Mormons love little social media campaigns, whether it’s encouraging people to #DiscoverTheBook or changing their profile pictures to say, “I’m a Mormon”. The latest Mormon social media missionary effort is the hashtag, #MormonByChoice, started by LDS photographer, Jill Thomas. (Who, according to someone on Ex-Mormon Reddit, is a really awesome person who has gone through a lot of hard things. She’s also super cute!)

The hashtag apparently came in response to a number of Jill’s friends leaving the LDS church and posting about it publicly (something many of us are familiar with.) She claims that some of her “non-member” friends were affected by these ex-Mormon voices, so she decided to let others know that she chooses her faith.

While I totally understand’s Jill’s motives (I would have been all-aboard this campaign a year ago!) I think there are some interesting insights to be made from #MormonByChoice.

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1. Faith is a choice until it’s not.

The church has been heavily pushing the “faith is a choice/doubt your doubts” rhetoric lately, as it’s seen members resigning left and right. I’ve written before about faith being a choice, but not in the way that we think.  I recommend you go and read it, because I don’t want to write my thoughts out again. 😉

Essentially, I believe faith is a choice up to a certain point, and part of the choice is choosing what you expose yourself to. A scientologist who never exposes himself to truths about the Church of Scientology can go their entire life believing L. Ron Hubbard was the most noble man to ever walk the planet. If, however, they decide to conduct some unbiased research into his character, they’ll soon discover a very different story, which they can (perhaps) choose to accept or dismiss. (Cognitive dissonance, you know?)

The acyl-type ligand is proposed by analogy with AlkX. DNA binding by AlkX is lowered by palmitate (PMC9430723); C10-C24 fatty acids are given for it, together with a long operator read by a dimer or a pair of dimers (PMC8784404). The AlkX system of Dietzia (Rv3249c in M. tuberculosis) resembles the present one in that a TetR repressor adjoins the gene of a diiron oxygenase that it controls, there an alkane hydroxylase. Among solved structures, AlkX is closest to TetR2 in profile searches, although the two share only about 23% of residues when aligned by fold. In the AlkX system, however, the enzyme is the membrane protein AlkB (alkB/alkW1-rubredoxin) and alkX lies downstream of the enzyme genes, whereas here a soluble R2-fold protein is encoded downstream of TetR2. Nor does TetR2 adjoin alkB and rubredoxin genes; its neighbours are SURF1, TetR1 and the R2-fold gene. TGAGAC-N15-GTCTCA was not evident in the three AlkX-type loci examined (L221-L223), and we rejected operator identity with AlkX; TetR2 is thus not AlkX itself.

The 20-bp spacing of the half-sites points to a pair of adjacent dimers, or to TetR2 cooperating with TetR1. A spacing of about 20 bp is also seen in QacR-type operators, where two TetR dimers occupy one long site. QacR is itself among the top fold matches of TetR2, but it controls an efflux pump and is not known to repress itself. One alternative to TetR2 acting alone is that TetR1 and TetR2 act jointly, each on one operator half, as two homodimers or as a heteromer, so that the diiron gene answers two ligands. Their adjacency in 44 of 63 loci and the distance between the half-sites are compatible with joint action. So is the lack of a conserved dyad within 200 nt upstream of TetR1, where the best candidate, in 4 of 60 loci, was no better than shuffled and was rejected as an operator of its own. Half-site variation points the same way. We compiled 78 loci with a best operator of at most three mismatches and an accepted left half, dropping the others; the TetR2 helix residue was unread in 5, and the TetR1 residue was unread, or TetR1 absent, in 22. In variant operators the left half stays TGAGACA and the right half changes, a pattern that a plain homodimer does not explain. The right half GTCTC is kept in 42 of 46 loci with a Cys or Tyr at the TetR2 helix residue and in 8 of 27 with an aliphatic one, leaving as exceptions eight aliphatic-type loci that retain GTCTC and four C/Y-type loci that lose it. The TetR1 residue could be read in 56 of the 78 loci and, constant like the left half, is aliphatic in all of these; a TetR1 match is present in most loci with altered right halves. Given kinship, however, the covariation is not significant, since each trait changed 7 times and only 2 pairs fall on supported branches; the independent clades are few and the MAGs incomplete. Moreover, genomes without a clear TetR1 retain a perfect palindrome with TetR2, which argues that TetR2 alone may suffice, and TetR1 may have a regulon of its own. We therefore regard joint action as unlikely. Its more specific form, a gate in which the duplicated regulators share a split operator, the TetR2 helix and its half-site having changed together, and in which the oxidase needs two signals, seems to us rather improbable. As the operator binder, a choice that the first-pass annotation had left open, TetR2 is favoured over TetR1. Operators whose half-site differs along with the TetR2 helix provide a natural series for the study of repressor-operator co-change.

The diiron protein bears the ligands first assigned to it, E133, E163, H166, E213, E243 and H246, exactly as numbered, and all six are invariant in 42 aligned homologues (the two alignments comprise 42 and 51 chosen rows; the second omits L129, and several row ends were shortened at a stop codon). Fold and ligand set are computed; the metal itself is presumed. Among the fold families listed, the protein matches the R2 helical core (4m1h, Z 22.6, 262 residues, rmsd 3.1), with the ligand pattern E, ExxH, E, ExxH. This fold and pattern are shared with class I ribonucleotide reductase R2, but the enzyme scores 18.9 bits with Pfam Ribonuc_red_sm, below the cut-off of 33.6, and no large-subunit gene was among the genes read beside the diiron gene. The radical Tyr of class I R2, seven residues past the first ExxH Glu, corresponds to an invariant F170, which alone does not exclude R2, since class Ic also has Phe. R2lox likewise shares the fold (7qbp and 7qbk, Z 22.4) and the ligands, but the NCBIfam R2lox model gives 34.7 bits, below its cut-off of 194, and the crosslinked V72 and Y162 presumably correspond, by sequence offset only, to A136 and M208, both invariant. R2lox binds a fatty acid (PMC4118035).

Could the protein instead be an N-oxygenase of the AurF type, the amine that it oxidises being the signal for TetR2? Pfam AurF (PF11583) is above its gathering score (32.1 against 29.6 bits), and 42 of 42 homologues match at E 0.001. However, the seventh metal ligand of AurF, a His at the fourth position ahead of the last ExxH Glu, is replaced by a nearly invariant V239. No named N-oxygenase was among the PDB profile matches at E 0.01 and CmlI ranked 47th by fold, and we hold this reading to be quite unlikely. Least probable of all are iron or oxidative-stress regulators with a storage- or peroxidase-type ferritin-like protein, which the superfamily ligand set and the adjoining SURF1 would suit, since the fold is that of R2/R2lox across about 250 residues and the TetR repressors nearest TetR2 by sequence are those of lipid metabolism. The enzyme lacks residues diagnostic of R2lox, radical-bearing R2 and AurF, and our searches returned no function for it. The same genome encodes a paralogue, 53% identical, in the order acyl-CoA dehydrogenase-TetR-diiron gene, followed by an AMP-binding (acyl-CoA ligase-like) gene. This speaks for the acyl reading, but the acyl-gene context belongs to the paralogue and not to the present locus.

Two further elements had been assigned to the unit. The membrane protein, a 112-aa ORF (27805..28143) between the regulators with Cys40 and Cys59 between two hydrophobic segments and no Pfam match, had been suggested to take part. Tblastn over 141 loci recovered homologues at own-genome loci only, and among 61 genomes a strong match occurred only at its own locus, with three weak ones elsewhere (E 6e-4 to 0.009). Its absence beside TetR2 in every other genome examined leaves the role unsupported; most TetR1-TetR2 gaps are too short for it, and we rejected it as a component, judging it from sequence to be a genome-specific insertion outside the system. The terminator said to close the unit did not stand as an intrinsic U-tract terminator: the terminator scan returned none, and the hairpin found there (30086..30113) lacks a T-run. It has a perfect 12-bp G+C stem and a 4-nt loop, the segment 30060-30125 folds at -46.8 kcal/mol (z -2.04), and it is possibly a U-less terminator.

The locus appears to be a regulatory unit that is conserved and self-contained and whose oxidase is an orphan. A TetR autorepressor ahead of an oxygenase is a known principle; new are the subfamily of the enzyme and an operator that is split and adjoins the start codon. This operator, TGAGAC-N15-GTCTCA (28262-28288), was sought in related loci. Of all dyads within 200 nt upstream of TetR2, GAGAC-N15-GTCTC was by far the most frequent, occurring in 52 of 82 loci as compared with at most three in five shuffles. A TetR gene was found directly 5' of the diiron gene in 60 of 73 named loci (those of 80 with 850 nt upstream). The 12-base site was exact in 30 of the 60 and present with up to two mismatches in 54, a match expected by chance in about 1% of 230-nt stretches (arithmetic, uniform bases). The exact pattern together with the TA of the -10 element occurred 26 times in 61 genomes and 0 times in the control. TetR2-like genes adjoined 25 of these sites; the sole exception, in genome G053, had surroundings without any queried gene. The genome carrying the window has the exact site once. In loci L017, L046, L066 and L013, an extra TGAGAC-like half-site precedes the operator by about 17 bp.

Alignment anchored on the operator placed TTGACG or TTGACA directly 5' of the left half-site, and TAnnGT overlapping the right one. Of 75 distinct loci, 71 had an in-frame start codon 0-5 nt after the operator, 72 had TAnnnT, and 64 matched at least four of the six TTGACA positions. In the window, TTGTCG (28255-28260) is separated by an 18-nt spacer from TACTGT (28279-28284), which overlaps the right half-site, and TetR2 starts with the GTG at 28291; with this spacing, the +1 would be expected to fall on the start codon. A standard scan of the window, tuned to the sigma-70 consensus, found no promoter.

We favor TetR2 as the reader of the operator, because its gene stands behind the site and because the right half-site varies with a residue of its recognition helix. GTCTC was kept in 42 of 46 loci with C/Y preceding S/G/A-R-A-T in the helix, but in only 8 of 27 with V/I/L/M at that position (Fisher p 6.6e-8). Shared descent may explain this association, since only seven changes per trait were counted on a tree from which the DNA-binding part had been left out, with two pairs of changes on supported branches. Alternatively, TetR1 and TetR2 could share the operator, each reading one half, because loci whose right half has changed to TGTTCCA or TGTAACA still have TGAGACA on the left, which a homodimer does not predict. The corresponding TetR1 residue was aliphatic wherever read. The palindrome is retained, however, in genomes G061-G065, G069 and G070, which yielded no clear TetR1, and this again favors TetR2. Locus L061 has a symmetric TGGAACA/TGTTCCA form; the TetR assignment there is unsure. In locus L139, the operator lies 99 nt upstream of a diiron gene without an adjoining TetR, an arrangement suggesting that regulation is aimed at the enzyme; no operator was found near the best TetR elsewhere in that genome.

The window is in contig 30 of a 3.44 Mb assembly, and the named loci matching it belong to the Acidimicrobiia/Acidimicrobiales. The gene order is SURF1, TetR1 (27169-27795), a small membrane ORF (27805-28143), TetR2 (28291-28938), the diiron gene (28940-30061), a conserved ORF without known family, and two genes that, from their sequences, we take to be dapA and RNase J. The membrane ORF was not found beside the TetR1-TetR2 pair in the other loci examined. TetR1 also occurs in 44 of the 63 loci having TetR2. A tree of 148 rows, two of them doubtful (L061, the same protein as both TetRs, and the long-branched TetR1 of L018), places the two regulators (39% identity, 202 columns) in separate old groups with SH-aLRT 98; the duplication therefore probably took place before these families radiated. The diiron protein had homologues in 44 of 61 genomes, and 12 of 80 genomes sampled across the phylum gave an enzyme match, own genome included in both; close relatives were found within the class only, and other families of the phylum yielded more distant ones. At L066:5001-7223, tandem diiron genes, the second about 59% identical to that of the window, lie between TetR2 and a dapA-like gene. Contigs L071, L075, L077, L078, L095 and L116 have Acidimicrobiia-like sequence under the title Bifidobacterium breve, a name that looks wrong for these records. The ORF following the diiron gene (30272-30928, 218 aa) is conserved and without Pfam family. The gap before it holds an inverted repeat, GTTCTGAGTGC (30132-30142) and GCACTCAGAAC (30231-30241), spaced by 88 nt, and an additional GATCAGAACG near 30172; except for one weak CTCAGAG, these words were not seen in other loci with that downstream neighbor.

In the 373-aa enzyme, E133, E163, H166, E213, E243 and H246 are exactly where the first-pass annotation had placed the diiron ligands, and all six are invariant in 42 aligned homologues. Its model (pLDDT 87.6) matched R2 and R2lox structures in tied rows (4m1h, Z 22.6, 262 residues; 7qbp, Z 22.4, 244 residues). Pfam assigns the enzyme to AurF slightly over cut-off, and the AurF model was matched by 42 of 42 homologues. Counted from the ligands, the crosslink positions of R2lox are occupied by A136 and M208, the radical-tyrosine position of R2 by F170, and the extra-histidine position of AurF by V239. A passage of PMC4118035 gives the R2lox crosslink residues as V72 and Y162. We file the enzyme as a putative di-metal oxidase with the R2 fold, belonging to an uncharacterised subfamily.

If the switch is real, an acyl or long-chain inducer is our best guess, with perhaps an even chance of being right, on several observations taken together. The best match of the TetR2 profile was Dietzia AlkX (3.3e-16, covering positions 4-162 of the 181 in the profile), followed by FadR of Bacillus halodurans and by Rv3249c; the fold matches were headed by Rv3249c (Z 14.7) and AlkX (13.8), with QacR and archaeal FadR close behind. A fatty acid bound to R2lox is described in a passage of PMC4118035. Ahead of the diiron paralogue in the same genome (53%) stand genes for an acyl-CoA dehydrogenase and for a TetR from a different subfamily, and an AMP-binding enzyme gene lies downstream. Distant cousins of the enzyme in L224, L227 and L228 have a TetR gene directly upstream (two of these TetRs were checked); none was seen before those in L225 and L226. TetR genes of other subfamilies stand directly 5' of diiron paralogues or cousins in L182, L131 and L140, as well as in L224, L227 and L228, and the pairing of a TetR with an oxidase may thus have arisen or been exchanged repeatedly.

However, for many people, myself included, faith stops becoming a choice at a certain point. When evidence is so overwhelming and legitimate that nothing short of Olympic-level mental gymnastics can make it fit together anymore in one’s mind, it’s almost impossible (for me, impossible) to continue believing. I would personally call it “delusion”, not faith, at that point.

It frustrates me that this campaign could propagate the idea that we can just choose to stay even when we have doubts or don’t believe. It isn’t really a choice when you realize it’s not true anymore. My life would be easier if I stayed Mormon but I personally, I can never go back knowing what I know now.” – Reddit user


2. Some are Mormon by choice, most are Mormon by birth.

As much as this campaign tries to push the narrative that being Mormon is a choice . . . it’s not exactly true. Not for most members, anyway. For any Mormons reading this — if you were born in a heavily Muslim country, do you think you’d choose to be Mormon? I’m guessing you can recognize that the answer is “no”, because it’s unlikely you’d even be given that choice!

Mormons may choose whether or not to stay in the church they were raised in — hence the “choice’ element of their faith — but they typically make that choice based on a lifetime of bias, family and social pressures, a whitewashed narrative given by the church, and other factors that make their choice semi-determined before they even make it. Kind of like an 8-year-old getting baptized.


3. A social media campaign emphasizing that it’s by CHOICE doesn’t exactly scream “not a cult”.

I get where this campaign is coming from, as I’ve said. But as someone on Reddit perfectly pointed out, Mormons wouldn’t need to emphasize that they weren’t forced into their religion if that wasn’t a common perception. #MormonByChoice simply highlights the fact that many people in the world view Mormonism as a high-demand religious cult. And for good reasons — here are some of the most basic characteristics of a cult: